It's not the end of the world and we can recover from this current state. Not sure it's comforting to those that face this imminently, but many people have survived far worse.


My hunch is dumpster diving works well when food is plentiful and people are throwing perfectly edible items away willy-nilly.

Get a depression-style food shortage and suddenly what you find in the dumpster won’t be as appetizing as the donuts that Dunkin just didn’t sell that day.


That's true. I mean, I mean the best dumpster diving is in rich neighbourhoods. Food banks also dry up in hard times. I lived in Nelson BC for a time when most people there were on welfare (it was at about 80%) and the food bank only had apples from the harvest and those decorative gourds so I got them and tried to cook them ( I was house sitting a Doukabor cabin for a Buddhist couple ) and even ate a few bowls of what was THE MOST BITTER thing I ever had even with a zillion sugar packets. But lets be real, what happens when the dumpsters dry out is folks steal. That's why it's safer to have a social net, for everyone.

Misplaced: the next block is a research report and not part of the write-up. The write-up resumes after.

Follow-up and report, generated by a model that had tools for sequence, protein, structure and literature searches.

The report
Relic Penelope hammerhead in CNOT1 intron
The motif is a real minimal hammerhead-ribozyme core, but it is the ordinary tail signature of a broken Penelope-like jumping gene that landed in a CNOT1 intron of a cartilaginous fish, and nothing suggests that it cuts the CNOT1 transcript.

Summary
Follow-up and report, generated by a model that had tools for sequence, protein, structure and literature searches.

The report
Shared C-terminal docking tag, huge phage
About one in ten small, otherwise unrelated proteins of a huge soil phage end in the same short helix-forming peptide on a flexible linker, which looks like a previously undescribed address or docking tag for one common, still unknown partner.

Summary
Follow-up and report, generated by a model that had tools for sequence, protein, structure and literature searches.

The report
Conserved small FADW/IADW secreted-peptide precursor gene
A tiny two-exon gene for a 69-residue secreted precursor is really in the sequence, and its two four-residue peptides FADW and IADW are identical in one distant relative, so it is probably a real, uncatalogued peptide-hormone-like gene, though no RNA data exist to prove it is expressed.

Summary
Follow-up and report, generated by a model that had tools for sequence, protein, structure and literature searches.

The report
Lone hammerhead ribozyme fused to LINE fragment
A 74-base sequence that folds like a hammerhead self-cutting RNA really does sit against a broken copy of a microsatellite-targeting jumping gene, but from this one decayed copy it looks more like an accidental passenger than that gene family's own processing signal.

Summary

Yes vans are a luxury! My first 'home' was a tent with no zipper and then a VW rabbit for a year and so when I got a '64 Ford Econoline it was my mcmansion! I find that having a home is stressful, like stuff owning is a huge responsibility because I see each item as hours of my life sacrificed from thinking and working on relationships.

My personal requirements are very low as well (maybe not as low as yours), but I think if I had a family with kids, my minimum requirements would increase substantially. All the material stuff starts to make more sense once you have a family to take care of.

Totally. It's certainly why I never had kids, I can't stand all the responsibility of that.

You must be the HN commenter with the wildest story around, respect.